Jeremy and Hilary argued for a UN Security Council Resolution which could cover both a peace process for Syria and action to end the threat from Daesh, and such a resolution was agreed unanimously a week ago – calling on “member States that have the capacity to do so to take all necessary measures, in compliance with international law ….. to prevent and suppress terrorist acts committed specifically by ISIL also known as Da’esh as well as ANF, and all other individuals, groups, undertakings, and entities associated with Al-Qaida, and other terrorist groups …. and to eradicate the safe haven they have established over significant parts of Iraq and Syria”. At the second round of talks in Vienna, the outline of a Syrian peace plan emerged in which President Assad and certain opposition groups would start formal talks on 1st Jan about the formation of a transitional government prior to national elections. This would include a ceasefire, possibly with United Nations peacekeepers as an observer force. One major issue to be resolved is which opposition groups should take part. These groups would not include Daesh or Jabhat al-Nusra, with which there can clearly be no negotiation.

Getting a Syrian peace process going will help in the fight against Daesh because they thrive in the vacuum of governance and the chaos, fear and violence created by the Syrian civil war. It is important to note that over 90% of all civilian deaths in Syria – over 200,000 – are attributable to forces controlled or loyal to President Assad and half the population has fled their homes as a result of a civil war for which the ultimate blame lies wholly with Assad.

In addition to the current air strikes in Iraq, the UK is already contributing to action in Syria through intelligence, surveillance and refuelling using RAF drones and planes. After much uncertainty, the Government now seems likely to come forward with a proposal on extending this action in Syria to include airstrikes to Daesh targets in Syria. Last weekend the Prime Minister finally acknowledged the strength of the case that has been made by Jeremy Corbyn and Hilary Benn, and by the Foreign Affairs Select Committee, when he told a press conference at the G20 summit in Turkey: “I think people want to know there is a whole plan for the future of Syria, for the future of the region. It is perfectly right to say a few extra bombs and missiles won’t transform the situation. The faster we degrade and destroy ISIL, the safer we will be. But we will only be safe in the longer term if we can replace ungoverned space by ISIL with a proper Syrian government.”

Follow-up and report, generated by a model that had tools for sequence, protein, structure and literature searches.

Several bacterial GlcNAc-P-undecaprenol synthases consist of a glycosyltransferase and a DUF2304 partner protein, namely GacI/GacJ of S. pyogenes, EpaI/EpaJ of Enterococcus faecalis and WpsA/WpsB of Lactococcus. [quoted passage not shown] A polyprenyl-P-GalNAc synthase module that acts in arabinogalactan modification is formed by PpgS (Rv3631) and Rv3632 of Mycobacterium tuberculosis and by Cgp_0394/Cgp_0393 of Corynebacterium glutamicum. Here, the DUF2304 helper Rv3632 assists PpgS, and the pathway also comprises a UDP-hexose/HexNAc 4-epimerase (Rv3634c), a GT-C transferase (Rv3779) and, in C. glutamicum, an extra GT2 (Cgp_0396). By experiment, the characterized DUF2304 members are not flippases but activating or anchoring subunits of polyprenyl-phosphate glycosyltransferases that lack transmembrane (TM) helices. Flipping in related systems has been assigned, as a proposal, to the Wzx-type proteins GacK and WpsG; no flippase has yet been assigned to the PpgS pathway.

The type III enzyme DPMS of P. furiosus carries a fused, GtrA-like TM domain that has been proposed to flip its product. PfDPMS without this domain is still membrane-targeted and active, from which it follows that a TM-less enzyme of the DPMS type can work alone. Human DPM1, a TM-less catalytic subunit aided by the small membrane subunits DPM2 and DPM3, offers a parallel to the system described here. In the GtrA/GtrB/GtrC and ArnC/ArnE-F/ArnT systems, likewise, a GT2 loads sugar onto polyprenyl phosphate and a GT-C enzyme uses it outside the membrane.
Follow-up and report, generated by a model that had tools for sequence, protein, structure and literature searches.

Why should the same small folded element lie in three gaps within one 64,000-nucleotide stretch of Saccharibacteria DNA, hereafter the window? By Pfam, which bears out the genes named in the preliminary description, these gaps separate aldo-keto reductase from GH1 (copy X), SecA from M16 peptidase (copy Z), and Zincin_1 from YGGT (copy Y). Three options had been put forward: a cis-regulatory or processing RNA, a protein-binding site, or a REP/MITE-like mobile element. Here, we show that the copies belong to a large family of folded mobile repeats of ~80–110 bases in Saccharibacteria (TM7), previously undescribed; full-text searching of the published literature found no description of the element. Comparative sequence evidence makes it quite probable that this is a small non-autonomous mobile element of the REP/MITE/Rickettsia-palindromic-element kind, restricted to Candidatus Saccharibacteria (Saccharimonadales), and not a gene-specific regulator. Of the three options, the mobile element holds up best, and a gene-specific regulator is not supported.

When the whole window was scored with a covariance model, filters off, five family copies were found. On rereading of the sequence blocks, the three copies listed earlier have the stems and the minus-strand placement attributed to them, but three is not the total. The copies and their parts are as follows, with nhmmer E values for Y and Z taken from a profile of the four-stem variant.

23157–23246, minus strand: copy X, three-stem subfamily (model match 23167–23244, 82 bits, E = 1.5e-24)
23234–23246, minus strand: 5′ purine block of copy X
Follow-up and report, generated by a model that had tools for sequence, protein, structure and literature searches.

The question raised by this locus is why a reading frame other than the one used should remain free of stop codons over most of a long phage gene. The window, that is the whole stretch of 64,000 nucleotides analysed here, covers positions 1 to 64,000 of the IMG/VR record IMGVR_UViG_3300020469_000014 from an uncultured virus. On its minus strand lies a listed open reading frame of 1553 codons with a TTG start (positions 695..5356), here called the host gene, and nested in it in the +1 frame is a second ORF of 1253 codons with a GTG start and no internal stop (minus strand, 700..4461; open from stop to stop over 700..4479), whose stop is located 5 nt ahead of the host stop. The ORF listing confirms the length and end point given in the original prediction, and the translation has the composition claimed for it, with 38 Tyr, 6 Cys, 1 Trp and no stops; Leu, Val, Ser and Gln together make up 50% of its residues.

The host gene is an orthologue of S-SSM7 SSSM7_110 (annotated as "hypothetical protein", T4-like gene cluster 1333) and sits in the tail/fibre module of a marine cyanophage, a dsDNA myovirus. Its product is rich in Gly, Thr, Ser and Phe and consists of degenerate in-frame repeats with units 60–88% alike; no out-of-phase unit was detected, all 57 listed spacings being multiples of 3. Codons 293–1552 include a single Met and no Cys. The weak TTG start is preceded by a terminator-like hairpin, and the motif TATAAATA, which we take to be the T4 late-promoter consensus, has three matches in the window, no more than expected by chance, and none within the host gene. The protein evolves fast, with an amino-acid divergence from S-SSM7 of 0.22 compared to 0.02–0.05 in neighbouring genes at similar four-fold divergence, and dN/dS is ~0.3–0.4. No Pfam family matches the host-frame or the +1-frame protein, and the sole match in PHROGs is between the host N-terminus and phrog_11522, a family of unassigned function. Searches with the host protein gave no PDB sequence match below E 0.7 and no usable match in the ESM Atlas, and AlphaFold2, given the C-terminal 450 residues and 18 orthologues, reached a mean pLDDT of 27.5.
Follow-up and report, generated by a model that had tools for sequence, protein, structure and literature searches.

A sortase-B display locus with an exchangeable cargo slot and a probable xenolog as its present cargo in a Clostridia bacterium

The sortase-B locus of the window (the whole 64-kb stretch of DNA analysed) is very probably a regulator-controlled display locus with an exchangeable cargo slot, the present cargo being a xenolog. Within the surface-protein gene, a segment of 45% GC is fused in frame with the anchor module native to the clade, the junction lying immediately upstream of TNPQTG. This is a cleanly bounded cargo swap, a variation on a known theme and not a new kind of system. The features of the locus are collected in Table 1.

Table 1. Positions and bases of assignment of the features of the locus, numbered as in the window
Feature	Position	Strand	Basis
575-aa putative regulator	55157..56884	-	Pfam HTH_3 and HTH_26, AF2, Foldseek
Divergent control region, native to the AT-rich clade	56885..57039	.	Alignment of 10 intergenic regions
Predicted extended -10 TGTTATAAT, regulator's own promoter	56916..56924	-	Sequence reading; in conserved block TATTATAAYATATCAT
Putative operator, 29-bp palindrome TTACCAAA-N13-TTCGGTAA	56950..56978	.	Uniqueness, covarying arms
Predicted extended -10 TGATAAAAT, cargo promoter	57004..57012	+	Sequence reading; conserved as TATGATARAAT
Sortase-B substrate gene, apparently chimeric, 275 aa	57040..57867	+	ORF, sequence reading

Last Thursday, in his statement to the House of Commons, the Prime Minister made his case that air strikes against Daesh are in the UK’s national interest and will reduce the threat from Daesh. As Labour has consistently said, we will consider the Government’s position against the tests we have set. Namely we need to be clear about what difference any extension of military action would make to our objective of defeating Daesh, the nature of any intervention, its objectives and the legal basis. Any potential action must command the support of other nations in the region, including Iraq and the coalition already taking action in Syria. And, crucially, it must be part of a wider and more comprehensive strategy to end the threat they pose. I am grateful for you sharing your views and so that I might understand your concerns better, perhaps you could let me know what you think on the following points:

· Are there any circumstances in which you would support military intervention in a foreign country?

· Do you support the air strikes in Iraq which have helped the Kurdish Peshmerga drive Daesh out of their communities?

· Do you think that no country should be taking military action against Daesh in Syria, or are your concerns primarily about UK involvement?

· Are there any circumstances in which you would support extending those air strikes against Daesh into Syria?

In addition to military action, I passionately believe that Britain should not turn its back on the Syrian people. I pressed the Government to sign us up to the UN Syrian Refugees programme, for example, and welcomed its U-turn on that issue. I have argued for a European solution to the refugee crisis, as you can read here. I will continue to monitor the situation and press the Government to ensure the UK lives up to its international obligations in respect of this crisis.

Thank you for contacting me on this very important matter.

Best wishes,

Paul

Paul Blomfield

Labour MP for Sheffield Central

2nd December 2015

Louise Haigh (Labour Heeley) is voting against the air strikes. http://www.louisehaigh.org.uk/syria

3rd December 2015

This is how the Sheffield MP’s voted.
For Bombing Syria
Nick Clegg
Angela Smith

Against Bombing Syria
Clive Betts
Paul Blomfield
Louise Haigh
Harry Harpham

Thank you to these four.

All comments welcome